Some things to keep in mind:

1) The scope of work cannot be changed once the TC is formed, without 
forming a new TC.

2) If the scope of work is too broad, this may scare off participation 
from some vendors who will hesitate to commit to RF terms for their IP on 
an very broad scope.  A scope that is more narrowly stated allows a 
company to more precisely evaluate the scope of their potential IP 
commitments, and make participation in the TC less risky.

3) The scope should be broad enough to accomplish the goals of the TC, 
including all known deliverables, but also reasonably foreseeable 

You should ask yourself this as well:  Does the scope, as presented, break 
something essential for you?  In other words is there something that you 
think the TC must do, or will likely want to do, that is forbidden because 
of the way the scope is currently written?  Or are we just debating style 
and taste?

> > If you are looking for how a TC works, you will not find it in the 
> > charter.  That is in the OASIS TC Process definition here: 
> > http://www.oasis-open.org/committees/process.php
> Agreed.  The charter should not define HOW the TC goes about it's 
> business.  But if I want to know what a TC is "for", the charter is 
> likely the first place I'd look.  (if not just asking a member... :) )
> > But I do appreciate the desire to have something "In plain English" to 

> > attract participation to the TC.  Once we have the TC formally 
> > and OASIS has issued a Call for Participation, we can get attention 
> > to it in several ways.  OASIS is good at helping promote new TC's. 
> > know what to do.
> I have seen no requirements that say the charter cannot be in plain 
> English.  I would suggest that if you need a document to explain what 
> the charter means, then there is too much room for confusion, and not a 
> clear enough definition of what the TC is for.  I can think of a few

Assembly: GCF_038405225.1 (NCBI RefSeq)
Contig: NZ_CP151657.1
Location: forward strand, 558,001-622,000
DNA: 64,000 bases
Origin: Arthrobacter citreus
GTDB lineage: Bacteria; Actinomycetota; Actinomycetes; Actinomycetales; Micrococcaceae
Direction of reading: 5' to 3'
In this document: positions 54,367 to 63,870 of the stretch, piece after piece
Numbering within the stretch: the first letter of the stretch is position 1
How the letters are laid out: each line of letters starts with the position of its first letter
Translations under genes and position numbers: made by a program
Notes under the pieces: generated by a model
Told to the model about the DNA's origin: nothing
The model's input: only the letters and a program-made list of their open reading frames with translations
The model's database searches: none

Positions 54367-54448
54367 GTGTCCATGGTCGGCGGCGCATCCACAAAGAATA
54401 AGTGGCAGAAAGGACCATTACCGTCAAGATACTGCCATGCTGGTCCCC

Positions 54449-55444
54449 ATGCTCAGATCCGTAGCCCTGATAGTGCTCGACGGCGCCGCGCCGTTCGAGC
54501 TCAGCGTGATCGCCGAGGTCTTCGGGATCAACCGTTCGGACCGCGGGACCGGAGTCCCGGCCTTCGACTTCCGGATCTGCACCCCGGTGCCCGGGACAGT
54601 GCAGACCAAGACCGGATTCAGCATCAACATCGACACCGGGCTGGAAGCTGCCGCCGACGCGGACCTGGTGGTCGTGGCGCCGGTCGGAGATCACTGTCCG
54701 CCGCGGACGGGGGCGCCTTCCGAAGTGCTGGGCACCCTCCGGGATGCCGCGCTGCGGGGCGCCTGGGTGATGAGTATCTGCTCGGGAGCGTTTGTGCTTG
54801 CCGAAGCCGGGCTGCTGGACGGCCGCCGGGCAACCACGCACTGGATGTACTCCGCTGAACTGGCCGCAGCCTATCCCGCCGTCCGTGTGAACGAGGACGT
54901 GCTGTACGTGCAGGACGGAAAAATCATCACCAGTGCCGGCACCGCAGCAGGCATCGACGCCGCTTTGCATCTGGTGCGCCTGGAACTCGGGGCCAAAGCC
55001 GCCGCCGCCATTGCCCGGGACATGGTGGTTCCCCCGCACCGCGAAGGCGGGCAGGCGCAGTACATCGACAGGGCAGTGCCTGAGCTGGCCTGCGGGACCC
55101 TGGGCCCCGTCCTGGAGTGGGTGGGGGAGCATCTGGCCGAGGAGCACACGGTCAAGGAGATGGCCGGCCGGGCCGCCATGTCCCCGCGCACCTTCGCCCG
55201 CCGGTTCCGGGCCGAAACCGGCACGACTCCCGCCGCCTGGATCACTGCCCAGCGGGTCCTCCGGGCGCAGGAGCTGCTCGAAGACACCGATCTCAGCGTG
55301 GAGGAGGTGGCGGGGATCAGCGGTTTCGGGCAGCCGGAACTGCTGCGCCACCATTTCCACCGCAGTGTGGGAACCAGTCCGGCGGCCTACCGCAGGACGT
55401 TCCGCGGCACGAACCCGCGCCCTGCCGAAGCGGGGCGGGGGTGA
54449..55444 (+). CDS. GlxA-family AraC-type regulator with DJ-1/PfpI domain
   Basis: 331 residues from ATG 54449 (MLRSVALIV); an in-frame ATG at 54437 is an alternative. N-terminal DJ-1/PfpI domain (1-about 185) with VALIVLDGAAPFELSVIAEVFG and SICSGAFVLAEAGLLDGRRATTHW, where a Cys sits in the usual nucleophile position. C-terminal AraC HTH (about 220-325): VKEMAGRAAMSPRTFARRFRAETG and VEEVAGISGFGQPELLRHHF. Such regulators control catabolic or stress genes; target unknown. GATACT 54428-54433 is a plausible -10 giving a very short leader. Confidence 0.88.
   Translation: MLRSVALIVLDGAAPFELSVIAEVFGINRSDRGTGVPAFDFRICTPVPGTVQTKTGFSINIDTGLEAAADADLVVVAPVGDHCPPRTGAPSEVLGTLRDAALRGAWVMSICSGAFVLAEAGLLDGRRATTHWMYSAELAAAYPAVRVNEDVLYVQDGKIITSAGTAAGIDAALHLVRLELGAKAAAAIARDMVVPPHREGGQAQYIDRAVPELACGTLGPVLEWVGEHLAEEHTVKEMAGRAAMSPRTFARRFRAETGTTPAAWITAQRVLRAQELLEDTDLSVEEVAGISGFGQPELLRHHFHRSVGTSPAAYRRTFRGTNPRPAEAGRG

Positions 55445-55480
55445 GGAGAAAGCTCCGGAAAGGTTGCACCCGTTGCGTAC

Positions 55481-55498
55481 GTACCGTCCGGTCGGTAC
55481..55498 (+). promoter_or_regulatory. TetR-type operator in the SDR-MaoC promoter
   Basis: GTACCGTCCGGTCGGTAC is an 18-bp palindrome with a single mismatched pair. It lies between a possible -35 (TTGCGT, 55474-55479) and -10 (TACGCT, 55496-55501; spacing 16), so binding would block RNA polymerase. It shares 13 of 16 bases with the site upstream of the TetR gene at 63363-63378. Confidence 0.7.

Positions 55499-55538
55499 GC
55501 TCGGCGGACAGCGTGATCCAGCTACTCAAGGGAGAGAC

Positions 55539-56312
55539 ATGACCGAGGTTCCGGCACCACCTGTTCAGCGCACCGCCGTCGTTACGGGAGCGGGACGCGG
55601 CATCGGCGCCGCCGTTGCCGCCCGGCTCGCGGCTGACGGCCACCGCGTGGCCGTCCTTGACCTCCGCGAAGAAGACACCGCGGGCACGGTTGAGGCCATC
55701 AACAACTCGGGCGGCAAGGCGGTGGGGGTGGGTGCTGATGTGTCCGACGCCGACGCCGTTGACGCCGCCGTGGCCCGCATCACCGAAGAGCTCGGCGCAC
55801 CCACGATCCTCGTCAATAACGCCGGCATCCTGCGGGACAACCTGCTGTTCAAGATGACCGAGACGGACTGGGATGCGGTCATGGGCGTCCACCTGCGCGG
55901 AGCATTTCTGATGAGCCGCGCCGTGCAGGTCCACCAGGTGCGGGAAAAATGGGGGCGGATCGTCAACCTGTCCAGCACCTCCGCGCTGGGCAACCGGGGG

> reasons why an organization may not want a solidly defined charter, but 
> most of them are political.  In my eyes, if I cannot clearly see what 
> the TC is meant to do via the charter (which IS the defining document, 
> isn't it?) then I think I would walk away knowing that I would have a 
> hard time knowing if I'm within the policies or not, or even within the 
> intent of the TC....

It is a question of target audience.  OASIS comes with its own vocabulary 
and set of concepts, and so does conformance and interoperability work. 
The chair(s) of the TC and OASIS staff will be the ones interpreting and 
enforcing the terms of charter, so it needs to be written in a way that is 
relevant to them.

And if you recall, we had the Federalist Papers as well as the 
Constitution.  So something is not necessarily irredeemably confused 
merely because the the public may benefit from additional explication 
outside of the formal document itself.

> > The first meeting would be a teleconference.  So we're really talking 
> > about who pays for the toll-free phone lines for that first call.  If 
> > anyone wants to make a conspiracy theory about that, then it is a slow 
> > for conspiracy nuts.
> Agreed.  But knowingly setting ourselves up for accusations of hidden 
> agendas, politics, etc, isn't good for the TC either.

That's the problem with hidden agendas -- you don't need any evidence to 
have a conspiracy theory.  So I'm not going out of my way to avoid the 
conspiracy nuts.

Someone would have to be a fool to think that there is not a political 
side to ODF and interoperability.  This is hardly news.  But all we can do 
is work openly and transparently, allowing anyone who wishes to join, 
making agenda, meeting minutes and mailing lists open for the public to 
inspect, making our deliverables free and open for anyone to use, and hope 
that we'll be judged by our results. 

If I change the way I work to account for conspiracy nuts, then they have 
already won.  I'm not going to do that.

> Side note for Rob:  while my comments may seem confrontational, I mean 
> no disrespect for your efforts Rob.  Rather, I want to see the best 
> document come forth - with community input.  You are in a rough 
> position. I don't usually like to make life tough for the leaders, but 
> we were asked to participate and comment on how best to get the TC 
> going.  That's all I'm doing.. :)

No problem.  Just keep in mind that OASIS is a community as well, and 
there are other communities with stakeholders in this area as well.  I'm 
going broad for where I seek feedback.  So don't feel bad if I take some 
of your ideas but not others.